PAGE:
3D very, very young as far as a media format type goes, and unlike video games and film it does not have a standardized set of rules yet (for example, film has Rules of Thirds and crossing the line, while games have Don't Put The HUD In The Middle Of The Screen). When this comes along then we can start seeing 3D being used more naturally, smoothly and artistically. For example: What if there were a 3D Psychonaughts sequel where, for one level, the 3D effect was reversed so that foreground objects appear far away, and background ones appear close up? TRIPPY.
@shadowhunter0 Haha yeah, but there are electronics manufacturers that have made HDTV sets that display in 3D without the need for any glasses in pretty much the same way the 3DS works. The full sized sets they've been making however have many more possible angles to view from and still show the content just fine. Either way, even if the glasses are ALWAYS comfortable and so on, it's a nuisance. And if you lose or break a pair you have to buy more. They're also expensive AND they don't work from set to set unless your buddies and you all have the EXACT same set. Otherwise expect to pay for plenty of pairs of those expensive things. I just think it's a convenience issue right now. When you need an extra thing to enjoy this content it makes something more of an "event" to sit down and watch it. This isn't exactly a bad thing, but when people can run into their living rooms and flip on the set and immediately see in 3D without having to scramble for glasses, that is when I think 3D will hit it much bigger than it is right now.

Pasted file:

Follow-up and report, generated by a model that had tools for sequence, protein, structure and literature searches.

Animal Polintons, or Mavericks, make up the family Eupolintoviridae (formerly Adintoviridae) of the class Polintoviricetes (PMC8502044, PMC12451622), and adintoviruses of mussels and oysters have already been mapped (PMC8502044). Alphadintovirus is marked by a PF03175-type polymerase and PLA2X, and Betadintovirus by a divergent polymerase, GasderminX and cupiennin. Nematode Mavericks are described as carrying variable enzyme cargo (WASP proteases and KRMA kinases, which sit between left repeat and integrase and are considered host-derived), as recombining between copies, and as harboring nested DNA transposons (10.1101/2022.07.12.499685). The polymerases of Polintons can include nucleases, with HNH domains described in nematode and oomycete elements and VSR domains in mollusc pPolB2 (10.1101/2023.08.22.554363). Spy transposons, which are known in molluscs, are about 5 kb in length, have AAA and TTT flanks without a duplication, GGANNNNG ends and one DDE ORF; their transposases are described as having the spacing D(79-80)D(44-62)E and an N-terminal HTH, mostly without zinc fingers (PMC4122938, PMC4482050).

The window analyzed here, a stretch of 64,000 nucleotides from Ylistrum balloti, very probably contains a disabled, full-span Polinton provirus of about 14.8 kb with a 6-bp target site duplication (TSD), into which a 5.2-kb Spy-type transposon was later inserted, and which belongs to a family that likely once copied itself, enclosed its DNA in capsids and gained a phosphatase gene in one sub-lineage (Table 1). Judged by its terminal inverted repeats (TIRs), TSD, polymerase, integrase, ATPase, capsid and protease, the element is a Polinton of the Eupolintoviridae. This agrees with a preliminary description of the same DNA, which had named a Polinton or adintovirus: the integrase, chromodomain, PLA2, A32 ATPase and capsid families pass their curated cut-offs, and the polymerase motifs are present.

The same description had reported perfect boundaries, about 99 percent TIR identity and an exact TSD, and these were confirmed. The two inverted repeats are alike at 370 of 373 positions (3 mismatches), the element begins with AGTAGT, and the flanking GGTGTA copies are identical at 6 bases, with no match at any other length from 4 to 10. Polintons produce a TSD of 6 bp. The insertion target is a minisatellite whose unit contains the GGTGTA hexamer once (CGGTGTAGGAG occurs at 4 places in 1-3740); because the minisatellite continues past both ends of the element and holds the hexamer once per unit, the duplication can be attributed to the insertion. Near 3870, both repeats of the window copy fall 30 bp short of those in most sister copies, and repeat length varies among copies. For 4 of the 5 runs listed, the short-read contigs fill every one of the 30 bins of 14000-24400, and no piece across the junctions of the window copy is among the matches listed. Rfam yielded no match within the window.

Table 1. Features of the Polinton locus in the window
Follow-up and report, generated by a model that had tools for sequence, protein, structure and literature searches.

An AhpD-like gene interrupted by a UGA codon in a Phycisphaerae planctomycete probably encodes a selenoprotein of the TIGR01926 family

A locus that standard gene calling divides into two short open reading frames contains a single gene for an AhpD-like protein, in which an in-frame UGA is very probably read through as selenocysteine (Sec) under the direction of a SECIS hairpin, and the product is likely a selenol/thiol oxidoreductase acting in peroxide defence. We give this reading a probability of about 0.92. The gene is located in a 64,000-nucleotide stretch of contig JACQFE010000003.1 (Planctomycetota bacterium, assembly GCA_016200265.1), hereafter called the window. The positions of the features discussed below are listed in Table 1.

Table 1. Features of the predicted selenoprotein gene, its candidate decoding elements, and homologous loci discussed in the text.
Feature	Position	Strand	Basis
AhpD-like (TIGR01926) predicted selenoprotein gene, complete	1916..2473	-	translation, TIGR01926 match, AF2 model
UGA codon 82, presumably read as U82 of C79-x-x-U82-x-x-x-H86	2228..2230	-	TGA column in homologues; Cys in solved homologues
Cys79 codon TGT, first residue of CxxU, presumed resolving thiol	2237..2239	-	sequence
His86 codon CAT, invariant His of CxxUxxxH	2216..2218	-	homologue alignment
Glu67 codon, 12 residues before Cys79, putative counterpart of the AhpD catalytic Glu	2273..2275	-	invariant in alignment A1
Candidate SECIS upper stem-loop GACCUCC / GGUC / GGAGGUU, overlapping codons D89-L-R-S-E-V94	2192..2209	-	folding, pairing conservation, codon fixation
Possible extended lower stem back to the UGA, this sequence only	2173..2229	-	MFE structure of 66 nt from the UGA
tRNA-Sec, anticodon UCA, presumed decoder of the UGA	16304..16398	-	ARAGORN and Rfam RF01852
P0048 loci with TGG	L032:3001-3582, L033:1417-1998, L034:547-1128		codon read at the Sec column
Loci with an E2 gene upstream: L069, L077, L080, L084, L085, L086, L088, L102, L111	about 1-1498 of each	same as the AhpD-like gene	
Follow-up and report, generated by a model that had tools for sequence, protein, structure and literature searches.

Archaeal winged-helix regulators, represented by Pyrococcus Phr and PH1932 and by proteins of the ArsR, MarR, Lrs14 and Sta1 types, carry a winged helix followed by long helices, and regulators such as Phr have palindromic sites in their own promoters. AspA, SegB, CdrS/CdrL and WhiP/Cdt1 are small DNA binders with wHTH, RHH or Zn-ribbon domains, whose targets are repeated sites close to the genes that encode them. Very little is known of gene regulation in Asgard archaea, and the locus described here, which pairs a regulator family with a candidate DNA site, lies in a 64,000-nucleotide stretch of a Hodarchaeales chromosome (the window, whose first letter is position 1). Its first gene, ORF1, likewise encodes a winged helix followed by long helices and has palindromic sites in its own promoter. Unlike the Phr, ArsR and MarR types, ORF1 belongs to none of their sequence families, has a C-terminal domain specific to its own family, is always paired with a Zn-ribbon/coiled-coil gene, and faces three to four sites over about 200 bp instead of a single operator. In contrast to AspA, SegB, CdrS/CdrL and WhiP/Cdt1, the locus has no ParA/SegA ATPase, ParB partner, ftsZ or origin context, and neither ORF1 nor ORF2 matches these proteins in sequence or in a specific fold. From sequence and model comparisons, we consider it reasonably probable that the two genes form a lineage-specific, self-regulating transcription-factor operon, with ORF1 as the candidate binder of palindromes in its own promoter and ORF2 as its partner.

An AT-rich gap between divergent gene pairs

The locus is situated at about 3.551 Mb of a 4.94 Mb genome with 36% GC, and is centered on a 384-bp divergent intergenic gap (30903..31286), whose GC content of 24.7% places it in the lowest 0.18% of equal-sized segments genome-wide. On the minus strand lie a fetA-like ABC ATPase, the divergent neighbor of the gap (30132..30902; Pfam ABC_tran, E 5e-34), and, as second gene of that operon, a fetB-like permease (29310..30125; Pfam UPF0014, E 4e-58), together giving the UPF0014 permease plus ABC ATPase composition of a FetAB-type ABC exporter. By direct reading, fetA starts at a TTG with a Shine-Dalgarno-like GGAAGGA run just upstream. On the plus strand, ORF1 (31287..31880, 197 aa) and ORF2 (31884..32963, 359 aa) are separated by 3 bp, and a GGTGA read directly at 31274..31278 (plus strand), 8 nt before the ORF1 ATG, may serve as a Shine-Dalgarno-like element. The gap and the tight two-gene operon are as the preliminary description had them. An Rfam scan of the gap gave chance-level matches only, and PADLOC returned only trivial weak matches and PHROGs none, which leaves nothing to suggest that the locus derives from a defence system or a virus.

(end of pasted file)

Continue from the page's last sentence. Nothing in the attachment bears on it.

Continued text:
The one thing that will definitely hinder 3D adoption is the lack of universal glasses. If I'm buying $150 pair of glasses I expect them to work everywhere.
@Jedilink109 why the 3d glasses at least the ones I are very comfortable and I hardly notice them and I have a huge head and I wear glasses
Until I can view 3D content on a 3D tv at home from all angles in full HD WITHOUT any headgear, just using my natural eyes, then I'm staying off of 3D.
The HD transition had no choice but to happen; Analog TV signals were being axed whether we wanted them to be or not. Until all TV's support 3D, we still have a choice. The problem lies in whether or not a higher resolution of "HD" is released before 3D has gained control of a certain percentage of the market. BTW, has anyone heard of a 3D home projector? If one of those were to hit the market in the $1000 range, I'd consider it.
and developers are still talking about this why? Have they seen the 3DS report, 28% of gamers consider 3D a distraction?????? I think it's about time folks go back to making good games and not tacking on features that maybe *10-20% will use.... *I'm just guessing...
@Grim_Reaper007, don't be too sure. Movies try to make a 3D experience that works for everyone in a big theater. A game figures out the 3D on the fly so it can tailer the experience to work best for you personally.